“I am very artistically satisfied with Ishq Zahe Naseeb,” Zahid Ahmed

  • 11 Apr - 17 Apr, 2020
  • Mag The Weekly
  • Interview

The progress of the drama industry is a debated subject; with a national and international market and celebratory ratings, reiteration from audiences and within the industry echo the done-ness with the comfort zone. But, last year Twitter blew over in a bittersweet meltdown at the finale of Ishq Zahe Naseeb, with praises on the brilliant script and storytelling. I sit down with the man who won the show to talk about his success, still fresh, and a peek in his film debut Ghabrana Nahi Hai.

Icebreaker! What makes Zahid Ahmed happy and what makes him angry?

Spending time with my kids make me very happy and not eating food at the right time makes me really angry.

What does stardom and being an actor mean to you? Entertainment, fame, passion or legacy?


A by-product of the celebrity status is the social responsibility. Celebrities are expected to represent and be socially conscious and there is little tolerance for mishaps. Social media has aggravated this. How does it impact your life and work?

I used to be silent with a lot of things and that was my stance but I have come to the realisation that not having a voice will never make an impact. The things that concern me which I feel the need to speak up for, I will voice concerns for.

Let’s talk about your biggest hit Ishq Zahe Naseeb. It won hearts all over the country. Now that it’s done, how are you feeling about it?

I feel great. I feel as excited as I was on the first day to be a part of such an obscure subject and I was able to play a character that actors with a knack for challenging roles would want to perform, I believe this was one of the meatiest characters that I could have played. I am very artistically satisfied with IZN.

What made you say yes to the script and take up the mammoth role?

Something I have said in interviews before is that I am not one to make safe choices. I always want to push beyond my own limits and I think that is the only time when a real artist grows and this role presented such a prospective for me.

It wouldn’t have been easy to execute the two characters. Walk us through the challenges you faced and how you overcame them?

The biggest challenge for me was the attire and makeup. I needed to get rid of any inhibitions about what people will think and will this be perceived in the wrong way. Every artist is conscious about their image and mine is an angry young man. In complete opposition, this was me trying to tell the audiences that the angry young man character is a very comfortable niche for me and what is more important is to continue pushing the envelope and to create new expressions and emotions within myself. This is not something usual scripts can teach you.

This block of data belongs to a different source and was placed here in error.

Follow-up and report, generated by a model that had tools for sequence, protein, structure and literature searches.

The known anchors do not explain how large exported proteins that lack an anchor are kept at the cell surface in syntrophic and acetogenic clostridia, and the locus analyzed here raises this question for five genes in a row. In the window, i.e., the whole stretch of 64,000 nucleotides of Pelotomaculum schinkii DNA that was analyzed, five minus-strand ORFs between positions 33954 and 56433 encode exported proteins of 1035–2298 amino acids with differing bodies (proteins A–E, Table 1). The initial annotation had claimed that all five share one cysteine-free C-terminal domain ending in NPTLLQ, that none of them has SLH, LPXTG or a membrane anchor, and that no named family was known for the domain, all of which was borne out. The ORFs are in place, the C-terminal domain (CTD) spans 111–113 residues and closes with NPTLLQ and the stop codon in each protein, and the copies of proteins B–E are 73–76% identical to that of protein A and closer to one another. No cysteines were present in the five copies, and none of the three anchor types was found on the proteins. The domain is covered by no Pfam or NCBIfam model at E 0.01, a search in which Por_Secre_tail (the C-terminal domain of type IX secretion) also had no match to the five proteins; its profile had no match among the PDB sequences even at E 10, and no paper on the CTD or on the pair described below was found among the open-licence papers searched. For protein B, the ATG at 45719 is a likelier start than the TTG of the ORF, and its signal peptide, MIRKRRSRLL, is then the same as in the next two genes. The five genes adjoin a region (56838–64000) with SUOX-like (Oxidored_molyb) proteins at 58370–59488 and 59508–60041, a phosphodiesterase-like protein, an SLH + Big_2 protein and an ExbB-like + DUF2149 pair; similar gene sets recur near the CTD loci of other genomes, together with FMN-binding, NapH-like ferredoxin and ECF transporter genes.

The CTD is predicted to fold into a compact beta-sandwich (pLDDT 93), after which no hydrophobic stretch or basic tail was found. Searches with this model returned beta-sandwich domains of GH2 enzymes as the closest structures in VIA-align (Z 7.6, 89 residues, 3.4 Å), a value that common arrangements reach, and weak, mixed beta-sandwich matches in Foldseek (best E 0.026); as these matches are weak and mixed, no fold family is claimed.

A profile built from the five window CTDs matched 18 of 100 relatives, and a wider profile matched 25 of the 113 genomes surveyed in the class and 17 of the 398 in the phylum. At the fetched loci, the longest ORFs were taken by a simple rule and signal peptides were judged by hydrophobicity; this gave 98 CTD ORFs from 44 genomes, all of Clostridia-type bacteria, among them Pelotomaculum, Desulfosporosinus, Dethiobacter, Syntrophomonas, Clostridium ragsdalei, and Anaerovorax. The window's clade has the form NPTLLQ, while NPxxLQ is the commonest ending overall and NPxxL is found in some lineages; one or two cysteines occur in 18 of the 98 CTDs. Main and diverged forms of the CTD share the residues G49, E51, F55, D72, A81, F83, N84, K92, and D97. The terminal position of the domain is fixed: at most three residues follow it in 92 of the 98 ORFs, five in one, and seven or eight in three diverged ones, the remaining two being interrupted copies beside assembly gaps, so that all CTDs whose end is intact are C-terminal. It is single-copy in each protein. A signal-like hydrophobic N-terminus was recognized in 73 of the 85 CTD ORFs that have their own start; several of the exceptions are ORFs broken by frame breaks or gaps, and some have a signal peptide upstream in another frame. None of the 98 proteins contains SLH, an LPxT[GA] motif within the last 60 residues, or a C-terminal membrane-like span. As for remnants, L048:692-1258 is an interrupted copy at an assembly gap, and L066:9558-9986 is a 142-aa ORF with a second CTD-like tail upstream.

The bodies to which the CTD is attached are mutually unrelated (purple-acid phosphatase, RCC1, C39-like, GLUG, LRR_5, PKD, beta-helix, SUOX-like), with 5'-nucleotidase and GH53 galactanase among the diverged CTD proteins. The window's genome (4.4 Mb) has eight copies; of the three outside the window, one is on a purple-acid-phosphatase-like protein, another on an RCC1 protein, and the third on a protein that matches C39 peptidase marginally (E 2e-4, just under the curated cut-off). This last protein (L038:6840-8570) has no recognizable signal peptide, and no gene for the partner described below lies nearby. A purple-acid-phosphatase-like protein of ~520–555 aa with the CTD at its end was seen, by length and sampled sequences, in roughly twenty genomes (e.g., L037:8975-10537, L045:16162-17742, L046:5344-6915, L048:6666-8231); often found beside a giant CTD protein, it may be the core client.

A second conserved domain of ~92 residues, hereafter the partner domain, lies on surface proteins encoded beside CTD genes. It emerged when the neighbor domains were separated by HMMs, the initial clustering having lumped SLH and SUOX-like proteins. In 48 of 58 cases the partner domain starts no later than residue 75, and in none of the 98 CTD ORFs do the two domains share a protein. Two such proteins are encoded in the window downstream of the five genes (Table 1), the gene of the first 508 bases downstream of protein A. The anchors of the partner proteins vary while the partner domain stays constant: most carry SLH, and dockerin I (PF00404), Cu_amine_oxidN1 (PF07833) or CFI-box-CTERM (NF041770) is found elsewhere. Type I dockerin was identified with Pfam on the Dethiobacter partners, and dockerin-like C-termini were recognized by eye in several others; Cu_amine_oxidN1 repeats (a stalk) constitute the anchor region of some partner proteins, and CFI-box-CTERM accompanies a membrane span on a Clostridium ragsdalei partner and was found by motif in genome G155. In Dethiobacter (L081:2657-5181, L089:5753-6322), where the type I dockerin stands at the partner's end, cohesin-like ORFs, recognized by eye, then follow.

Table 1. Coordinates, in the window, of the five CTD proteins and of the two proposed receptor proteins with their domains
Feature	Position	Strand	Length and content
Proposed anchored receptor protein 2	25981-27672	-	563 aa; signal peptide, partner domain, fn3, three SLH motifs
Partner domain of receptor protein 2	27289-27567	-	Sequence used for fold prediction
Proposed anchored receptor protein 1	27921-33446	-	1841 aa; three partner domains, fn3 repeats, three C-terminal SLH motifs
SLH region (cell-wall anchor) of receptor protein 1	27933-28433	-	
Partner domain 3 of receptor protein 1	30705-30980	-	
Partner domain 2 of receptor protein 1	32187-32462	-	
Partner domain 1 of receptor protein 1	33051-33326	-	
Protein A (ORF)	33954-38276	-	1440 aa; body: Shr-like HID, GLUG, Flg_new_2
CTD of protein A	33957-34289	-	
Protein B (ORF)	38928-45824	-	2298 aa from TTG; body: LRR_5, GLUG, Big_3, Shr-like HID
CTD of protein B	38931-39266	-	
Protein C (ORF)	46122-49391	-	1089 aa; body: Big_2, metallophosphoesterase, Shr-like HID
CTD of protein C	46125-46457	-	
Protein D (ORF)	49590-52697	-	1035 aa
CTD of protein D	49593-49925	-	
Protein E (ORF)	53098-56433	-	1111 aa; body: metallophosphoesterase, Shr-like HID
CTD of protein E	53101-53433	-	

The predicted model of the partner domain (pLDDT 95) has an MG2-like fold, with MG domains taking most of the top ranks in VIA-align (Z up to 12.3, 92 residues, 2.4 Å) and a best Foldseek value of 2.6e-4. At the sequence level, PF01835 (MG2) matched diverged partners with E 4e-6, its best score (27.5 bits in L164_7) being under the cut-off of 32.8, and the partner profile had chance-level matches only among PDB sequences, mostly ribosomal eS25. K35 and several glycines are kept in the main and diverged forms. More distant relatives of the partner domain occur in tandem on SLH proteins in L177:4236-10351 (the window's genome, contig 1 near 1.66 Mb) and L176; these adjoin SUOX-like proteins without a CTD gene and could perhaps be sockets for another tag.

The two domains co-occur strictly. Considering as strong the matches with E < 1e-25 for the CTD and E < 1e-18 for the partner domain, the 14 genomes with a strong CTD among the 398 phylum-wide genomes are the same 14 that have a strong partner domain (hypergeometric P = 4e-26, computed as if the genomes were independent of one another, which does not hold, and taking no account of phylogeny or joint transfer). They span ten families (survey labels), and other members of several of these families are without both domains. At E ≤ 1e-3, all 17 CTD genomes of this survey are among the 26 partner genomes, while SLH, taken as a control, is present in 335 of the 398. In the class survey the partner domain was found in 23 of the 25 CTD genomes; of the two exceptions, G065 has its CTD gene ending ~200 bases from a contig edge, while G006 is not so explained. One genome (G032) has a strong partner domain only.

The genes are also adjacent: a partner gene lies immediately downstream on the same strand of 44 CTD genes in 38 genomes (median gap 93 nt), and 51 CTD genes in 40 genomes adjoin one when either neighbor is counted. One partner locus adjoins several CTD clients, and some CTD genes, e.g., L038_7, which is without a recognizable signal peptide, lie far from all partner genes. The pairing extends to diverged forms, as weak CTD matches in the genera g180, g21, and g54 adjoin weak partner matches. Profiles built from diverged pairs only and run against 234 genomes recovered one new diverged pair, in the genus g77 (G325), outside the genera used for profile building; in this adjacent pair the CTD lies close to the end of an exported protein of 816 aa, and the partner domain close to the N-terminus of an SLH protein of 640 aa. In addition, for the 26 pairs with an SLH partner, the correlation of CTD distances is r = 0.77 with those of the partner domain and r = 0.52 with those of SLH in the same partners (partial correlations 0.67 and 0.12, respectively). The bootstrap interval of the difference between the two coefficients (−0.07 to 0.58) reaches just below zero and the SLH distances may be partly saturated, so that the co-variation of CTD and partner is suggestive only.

Having done IZN, do you think you have a high bar to meet henceforth?

Very high.

You’ve signed a movie! Give us some insider scoop.

In this film, we’ll use cameras and the sound will be recorded. There will be people on makeup and spot boys and tea will also be served on the set. [laughs]

From the small screen to the big screen, as an actor, what changes do you have to adapt to in this transition?

Body language is the biggest challenge that television actors face when they are going on to the big screen because your whole figure is exposed as oppose to close-up shots. I came from theatre so it’s a similar requirement, you have to be innate with your entire being. That’s the similarity between cinema and theatre and I am looking forward to that.

You are starring opposite one of the biggest stars, Saba Qamar. How is the actor in you taking this opportunity?

I have worked with her thrice before and every time, it’s better. Saba Qamar continuously works on her craft without spending too much time in makeup. She is not one of those divas who are just in it for being a diva. She wants to sit down to rehearse lines and look for areas of improvisation to create chemistry. That’s what she is all about and that’s what I am all about. Every one of our outings has been very successful as per the audience and yes, she was the biggest reasons I signed Ghabrana Nahi Hai.

What is the one thing that you have learnt from any one of your characters?

I have learned a little from every character because I have played a range of varying roles from different social and economic classes. All my characters are around the lines of being driven by greed or lust and there’s a learning forte for every human being. The good thing about our dramas is they are based on ground realities, they aren’t absurd characters.

With a script like IZN, we have seen one fact come to light: Pakistani audience has a taste for bold, experimental storytelling. What do you think this means for writers and the industry as a whole?

It’s a very positive thing. I hope producers, writers, and everyone will take lead from this. We got ratings and positive feedback, it was epic, so the least I will hope is that dramas like Udaari, IZN or some really different issues get picked up from the society; they come around once a year which show the intent of the channels that they know they are not a rating busters, they are experiments and I hope they come around less sparingly with no business aspect attached.